Pete Brown

Ben Beaumont-Thomas “Pete Brown, countercultural poet, singer and Cream lyricist, dies aged 82”
Martin Kielty "Cream Lyricist Pete Brown Dead at 82"


Brown will perhaps best be remembered for his longstanding creative partnership with Bruce, which began in 1965 and lasted until the latter’s death in 2014. Brown was invited by drummer Ginger Baker to help finish the debut single by Cream, the psych-rock band also featuring Bruce and Eric Clapton. Brown would go on to write lyrics for Cream songs such as their first Top 20 hit I Feel Free, the hippy anthem Sunshine of Your Love, and White Room, its darkly tripped-out lyrics a source of fascination to generations of listeners. Dance the Night Away, meanwhile, was inspired by “sex and dancing [which] anchored me a great deal and got me through that time when I was having panic attacks” in the wake of a bad drugs experience, he later explained.

But Brown’s career long predated Cream and he would go on to have numerous separate creative projects. Born in Surrey in 1940, he began writing poetry in his teens, and became an important proponent of British beat poetry, including in a partnership with Mike Horovitz – they recited their work at the Royal Albert Hall in 1965 alongside beat poetry icons such as Allen Ginsberg and Gregory Corso. Brown started to combine his work in live performance with musicians, including a group with Horovitz, New Departures; another partner was folk guitarist Davey Graham.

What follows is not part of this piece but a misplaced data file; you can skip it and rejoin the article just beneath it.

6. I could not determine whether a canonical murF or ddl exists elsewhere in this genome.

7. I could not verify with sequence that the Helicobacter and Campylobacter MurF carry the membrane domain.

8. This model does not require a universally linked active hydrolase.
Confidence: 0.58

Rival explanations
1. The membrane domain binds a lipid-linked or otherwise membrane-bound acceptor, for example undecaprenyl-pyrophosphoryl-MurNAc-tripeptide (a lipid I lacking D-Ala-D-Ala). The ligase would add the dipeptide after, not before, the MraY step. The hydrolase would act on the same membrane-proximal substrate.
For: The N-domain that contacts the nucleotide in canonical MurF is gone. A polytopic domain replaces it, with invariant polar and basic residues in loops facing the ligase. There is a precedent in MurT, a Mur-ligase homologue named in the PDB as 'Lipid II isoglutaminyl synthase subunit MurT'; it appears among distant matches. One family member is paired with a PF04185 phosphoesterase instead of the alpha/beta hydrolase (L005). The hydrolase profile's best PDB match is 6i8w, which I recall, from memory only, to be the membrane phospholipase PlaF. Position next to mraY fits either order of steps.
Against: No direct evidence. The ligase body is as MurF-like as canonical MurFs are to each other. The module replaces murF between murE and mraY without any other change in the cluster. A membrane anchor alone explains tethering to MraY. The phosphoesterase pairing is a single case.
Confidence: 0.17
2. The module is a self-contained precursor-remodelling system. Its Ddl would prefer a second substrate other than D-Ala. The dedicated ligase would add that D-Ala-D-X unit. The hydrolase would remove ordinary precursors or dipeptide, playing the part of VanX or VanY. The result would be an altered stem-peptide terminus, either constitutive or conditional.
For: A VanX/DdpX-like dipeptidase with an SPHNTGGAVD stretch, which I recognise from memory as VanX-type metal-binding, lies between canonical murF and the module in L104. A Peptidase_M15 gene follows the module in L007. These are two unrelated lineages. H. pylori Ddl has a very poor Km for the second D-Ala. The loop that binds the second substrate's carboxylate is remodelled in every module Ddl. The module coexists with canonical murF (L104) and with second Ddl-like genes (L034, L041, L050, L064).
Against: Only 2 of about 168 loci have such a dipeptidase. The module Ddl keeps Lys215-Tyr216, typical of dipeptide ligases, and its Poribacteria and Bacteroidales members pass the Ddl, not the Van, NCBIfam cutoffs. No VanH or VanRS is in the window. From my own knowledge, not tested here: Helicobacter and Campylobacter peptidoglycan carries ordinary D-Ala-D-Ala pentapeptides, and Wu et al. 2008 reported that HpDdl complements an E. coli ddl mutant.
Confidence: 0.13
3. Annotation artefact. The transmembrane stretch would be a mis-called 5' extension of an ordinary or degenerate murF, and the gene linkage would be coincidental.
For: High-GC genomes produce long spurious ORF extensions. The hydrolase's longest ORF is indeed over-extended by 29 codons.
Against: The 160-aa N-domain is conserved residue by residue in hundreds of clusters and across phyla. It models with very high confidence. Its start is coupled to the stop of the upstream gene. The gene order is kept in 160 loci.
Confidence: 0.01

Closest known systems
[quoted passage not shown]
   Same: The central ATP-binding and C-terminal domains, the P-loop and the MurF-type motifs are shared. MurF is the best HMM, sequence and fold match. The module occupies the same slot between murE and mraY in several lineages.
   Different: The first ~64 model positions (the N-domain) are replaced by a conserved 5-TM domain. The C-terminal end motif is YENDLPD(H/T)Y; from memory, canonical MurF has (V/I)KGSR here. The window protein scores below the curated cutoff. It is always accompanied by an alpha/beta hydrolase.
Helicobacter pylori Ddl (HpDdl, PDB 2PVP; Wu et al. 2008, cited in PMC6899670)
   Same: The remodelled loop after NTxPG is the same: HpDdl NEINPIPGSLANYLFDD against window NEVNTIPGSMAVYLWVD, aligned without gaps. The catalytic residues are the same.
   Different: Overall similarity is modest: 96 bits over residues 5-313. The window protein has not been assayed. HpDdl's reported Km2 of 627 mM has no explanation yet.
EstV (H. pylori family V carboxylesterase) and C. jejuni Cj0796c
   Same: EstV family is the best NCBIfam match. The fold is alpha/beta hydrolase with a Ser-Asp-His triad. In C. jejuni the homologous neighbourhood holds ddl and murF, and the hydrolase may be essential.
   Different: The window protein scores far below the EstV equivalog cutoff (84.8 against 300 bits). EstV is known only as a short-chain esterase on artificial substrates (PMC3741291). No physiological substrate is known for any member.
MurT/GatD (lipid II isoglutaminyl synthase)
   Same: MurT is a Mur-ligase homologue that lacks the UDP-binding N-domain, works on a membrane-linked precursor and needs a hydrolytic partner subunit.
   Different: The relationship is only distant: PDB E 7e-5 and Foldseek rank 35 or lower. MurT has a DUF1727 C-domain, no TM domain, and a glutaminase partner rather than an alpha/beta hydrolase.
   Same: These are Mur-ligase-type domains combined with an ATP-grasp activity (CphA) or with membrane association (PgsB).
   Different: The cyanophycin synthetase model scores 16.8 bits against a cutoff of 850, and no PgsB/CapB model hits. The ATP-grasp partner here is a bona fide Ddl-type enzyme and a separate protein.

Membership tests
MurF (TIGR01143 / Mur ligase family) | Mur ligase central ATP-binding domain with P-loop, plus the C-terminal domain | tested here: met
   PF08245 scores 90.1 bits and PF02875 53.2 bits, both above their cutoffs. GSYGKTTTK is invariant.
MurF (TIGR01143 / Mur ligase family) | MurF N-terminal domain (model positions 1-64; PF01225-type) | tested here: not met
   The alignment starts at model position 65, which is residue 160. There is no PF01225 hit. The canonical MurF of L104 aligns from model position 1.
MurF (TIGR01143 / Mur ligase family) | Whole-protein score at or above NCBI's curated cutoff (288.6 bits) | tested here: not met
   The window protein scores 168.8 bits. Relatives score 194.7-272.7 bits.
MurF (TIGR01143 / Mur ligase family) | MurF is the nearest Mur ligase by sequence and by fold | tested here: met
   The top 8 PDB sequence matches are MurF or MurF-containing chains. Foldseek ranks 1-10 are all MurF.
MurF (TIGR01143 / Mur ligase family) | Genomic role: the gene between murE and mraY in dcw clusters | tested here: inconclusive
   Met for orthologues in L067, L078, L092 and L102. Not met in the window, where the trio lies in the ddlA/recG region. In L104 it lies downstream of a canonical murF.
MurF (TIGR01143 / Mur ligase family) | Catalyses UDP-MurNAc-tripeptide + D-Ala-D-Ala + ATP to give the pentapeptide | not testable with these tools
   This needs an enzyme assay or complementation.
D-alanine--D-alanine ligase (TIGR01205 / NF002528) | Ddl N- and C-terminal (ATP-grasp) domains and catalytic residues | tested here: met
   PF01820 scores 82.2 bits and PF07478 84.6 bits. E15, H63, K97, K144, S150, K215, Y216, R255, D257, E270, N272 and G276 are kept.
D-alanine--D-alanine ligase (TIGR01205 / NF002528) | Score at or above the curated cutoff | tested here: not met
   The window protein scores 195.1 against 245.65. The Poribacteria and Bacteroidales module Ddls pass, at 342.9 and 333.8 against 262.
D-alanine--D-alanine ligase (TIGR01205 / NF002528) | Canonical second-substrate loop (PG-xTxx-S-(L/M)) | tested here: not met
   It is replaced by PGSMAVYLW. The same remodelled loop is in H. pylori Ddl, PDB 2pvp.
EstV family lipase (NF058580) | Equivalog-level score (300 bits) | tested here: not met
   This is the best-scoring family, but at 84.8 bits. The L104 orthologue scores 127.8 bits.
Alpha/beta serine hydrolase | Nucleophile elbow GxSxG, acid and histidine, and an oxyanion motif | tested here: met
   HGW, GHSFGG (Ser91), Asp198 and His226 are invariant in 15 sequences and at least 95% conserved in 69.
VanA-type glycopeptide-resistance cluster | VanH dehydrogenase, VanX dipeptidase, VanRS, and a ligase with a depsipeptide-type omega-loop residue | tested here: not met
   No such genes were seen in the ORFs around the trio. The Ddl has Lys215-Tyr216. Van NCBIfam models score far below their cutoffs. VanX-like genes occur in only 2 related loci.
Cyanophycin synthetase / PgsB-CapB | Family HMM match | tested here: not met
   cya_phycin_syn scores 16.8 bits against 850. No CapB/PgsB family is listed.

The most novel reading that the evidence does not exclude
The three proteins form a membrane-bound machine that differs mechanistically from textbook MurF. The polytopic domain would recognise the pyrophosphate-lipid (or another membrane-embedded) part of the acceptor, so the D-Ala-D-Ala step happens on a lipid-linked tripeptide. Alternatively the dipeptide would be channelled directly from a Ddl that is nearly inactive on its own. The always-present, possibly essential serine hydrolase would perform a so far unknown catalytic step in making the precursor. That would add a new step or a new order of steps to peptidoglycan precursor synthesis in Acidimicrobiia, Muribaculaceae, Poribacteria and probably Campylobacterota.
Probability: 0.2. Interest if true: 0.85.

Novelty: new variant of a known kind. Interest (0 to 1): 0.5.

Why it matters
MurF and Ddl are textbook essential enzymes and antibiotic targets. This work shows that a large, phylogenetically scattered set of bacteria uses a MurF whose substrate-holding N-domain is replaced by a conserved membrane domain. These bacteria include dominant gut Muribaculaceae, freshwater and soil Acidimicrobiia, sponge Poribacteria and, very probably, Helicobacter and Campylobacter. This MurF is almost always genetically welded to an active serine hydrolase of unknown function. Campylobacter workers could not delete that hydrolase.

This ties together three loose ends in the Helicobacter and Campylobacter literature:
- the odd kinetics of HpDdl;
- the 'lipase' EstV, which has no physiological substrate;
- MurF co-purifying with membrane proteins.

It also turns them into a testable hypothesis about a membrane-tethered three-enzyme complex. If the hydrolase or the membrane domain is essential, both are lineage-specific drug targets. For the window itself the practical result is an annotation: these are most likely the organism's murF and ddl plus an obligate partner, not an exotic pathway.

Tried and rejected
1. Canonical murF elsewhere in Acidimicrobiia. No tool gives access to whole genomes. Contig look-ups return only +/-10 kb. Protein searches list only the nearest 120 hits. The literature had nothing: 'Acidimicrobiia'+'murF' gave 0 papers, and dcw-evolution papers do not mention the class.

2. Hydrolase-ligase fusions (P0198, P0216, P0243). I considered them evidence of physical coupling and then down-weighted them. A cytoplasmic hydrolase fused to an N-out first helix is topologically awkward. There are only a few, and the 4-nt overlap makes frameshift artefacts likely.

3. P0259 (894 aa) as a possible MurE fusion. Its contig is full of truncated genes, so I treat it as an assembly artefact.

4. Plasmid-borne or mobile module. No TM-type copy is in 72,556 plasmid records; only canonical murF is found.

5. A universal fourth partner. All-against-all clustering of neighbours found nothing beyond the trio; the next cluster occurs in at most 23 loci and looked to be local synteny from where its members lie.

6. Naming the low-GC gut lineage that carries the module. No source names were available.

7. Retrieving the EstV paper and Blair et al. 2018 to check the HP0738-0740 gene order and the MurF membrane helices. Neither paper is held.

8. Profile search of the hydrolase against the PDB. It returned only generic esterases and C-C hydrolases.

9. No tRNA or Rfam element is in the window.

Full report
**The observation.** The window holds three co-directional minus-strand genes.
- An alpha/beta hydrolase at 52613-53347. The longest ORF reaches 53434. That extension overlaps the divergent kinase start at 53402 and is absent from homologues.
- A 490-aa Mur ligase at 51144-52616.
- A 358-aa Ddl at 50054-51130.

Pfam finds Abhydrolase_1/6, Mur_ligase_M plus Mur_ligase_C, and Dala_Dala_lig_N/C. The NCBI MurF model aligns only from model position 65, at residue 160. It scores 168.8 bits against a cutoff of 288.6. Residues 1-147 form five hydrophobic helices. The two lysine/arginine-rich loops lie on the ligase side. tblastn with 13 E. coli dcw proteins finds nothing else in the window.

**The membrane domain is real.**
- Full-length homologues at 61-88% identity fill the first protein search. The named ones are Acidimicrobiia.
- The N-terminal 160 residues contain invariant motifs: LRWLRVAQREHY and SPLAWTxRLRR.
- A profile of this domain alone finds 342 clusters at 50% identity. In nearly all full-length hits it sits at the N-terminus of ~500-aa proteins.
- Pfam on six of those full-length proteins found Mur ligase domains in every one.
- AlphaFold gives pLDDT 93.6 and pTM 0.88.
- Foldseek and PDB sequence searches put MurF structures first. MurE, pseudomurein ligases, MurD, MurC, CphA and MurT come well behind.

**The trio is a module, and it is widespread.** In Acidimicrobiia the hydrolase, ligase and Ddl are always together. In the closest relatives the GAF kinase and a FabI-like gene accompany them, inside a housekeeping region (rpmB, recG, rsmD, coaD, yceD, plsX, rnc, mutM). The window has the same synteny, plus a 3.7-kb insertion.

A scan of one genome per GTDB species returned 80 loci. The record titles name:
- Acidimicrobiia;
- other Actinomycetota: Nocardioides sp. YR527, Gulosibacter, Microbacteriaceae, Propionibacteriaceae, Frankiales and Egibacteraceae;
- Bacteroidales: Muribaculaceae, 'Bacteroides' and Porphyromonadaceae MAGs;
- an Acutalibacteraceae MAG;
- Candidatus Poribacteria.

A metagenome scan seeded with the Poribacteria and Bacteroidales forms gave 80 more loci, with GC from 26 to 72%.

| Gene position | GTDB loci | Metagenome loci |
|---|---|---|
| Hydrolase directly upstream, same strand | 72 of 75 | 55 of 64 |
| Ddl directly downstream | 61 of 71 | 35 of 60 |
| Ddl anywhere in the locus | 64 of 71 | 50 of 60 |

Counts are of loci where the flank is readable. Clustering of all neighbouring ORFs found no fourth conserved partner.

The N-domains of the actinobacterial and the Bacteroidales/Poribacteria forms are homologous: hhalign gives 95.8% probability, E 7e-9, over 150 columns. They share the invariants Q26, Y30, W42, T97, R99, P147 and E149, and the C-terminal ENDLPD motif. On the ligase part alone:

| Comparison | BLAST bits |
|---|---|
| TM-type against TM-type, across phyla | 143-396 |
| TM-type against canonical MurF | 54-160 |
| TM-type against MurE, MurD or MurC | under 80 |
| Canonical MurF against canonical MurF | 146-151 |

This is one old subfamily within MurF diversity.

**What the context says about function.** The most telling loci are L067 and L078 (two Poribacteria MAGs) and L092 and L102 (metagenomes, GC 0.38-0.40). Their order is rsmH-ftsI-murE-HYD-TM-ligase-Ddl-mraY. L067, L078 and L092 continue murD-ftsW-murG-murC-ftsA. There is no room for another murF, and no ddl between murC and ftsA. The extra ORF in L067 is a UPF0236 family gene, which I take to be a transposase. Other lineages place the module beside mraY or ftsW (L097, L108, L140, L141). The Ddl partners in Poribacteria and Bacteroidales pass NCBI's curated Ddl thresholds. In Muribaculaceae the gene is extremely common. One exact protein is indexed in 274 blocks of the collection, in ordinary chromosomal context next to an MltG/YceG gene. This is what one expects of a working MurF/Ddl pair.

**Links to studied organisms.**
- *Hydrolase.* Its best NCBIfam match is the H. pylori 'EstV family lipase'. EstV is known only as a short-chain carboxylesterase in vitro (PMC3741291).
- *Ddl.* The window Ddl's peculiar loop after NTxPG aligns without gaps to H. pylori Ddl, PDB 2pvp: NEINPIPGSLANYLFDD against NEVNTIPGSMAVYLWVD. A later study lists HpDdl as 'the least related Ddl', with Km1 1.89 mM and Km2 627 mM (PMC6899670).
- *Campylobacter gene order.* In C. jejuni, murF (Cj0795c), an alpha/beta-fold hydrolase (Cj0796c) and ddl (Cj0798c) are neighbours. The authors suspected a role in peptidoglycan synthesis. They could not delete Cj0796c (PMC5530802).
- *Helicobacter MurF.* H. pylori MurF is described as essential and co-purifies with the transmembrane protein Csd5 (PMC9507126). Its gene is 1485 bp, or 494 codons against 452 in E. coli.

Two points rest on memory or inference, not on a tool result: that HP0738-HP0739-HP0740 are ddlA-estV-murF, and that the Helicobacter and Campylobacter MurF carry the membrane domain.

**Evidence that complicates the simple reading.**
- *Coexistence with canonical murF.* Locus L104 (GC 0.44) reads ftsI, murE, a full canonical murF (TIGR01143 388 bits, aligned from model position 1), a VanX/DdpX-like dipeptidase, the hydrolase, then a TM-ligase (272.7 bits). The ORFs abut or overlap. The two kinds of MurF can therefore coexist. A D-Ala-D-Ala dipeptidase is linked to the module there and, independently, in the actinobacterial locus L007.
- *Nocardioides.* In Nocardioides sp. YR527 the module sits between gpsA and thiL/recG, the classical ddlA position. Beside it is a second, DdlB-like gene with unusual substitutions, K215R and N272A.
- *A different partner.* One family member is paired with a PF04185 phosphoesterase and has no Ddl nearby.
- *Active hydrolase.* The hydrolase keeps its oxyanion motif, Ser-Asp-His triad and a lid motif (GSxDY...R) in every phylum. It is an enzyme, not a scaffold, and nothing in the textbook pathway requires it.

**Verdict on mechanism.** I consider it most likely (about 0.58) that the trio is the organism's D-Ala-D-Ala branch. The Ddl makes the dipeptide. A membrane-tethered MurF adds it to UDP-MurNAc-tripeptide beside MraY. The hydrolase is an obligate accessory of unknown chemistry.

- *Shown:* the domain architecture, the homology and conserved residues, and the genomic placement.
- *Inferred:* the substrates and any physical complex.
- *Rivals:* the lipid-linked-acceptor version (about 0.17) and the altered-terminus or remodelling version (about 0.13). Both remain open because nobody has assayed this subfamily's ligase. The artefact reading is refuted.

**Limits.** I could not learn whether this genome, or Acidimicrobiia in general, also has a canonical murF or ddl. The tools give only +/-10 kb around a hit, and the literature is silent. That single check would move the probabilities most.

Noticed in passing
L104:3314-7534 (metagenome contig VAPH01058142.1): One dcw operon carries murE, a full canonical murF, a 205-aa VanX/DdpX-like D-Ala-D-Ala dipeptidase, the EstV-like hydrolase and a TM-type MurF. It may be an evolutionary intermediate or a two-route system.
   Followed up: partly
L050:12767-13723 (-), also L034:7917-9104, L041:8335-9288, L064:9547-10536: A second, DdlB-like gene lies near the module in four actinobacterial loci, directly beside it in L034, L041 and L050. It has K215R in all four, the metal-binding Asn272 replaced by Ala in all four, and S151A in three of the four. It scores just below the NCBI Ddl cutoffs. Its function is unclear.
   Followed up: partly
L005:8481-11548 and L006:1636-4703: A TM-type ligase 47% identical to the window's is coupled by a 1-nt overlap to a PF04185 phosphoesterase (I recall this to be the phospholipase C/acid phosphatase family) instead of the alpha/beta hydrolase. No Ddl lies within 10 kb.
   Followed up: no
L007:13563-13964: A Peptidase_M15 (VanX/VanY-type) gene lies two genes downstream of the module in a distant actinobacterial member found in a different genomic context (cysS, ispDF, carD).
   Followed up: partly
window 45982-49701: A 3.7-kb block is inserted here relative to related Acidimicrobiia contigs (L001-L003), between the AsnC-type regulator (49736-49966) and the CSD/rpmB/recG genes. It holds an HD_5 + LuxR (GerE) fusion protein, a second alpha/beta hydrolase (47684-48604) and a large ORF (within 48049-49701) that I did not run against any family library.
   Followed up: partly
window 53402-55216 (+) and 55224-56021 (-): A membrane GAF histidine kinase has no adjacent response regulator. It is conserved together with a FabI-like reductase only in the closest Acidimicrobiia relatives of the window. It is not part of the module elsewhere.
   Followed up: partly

Brown formed the First Real Poetry Band in the early 1960s, delivering poetry in front of a quartet of jazz musicians who included guitarist John McLaughlin (later one of British jazz’s most esteemed figures for his work with electric-period Miles Davis), and held down a jazz poetry residency at London’s Marquee Club. After his work with Cream, and an increasing embrace of singing, came a new band playing psychedelic jazz and blues, Pete Brown and the Battered Ornaments, though he was edged out of the lineup after the 1969 album A Meal You Can Shake Hands With in the Dark.

Next came the band Piblokto!, lasting from 1969 to 1971 with a shifting lineup, resulting in two LPs much-admired by fans of British psychedelia: Things May Come and Things May Go but the Art School Dance Goes on For Ever, and Thousands on a Raft.


Martin Scorsese was among his many admirers, deploying Brown-penned Cream songs in films such as Goodfellas and Casino. “Pete was a great songwriter,” he said in the trailer for an as-yet-unreleased documentary about Brown. “Whenever the lyrics are repeated in my head … these images stay with me.”

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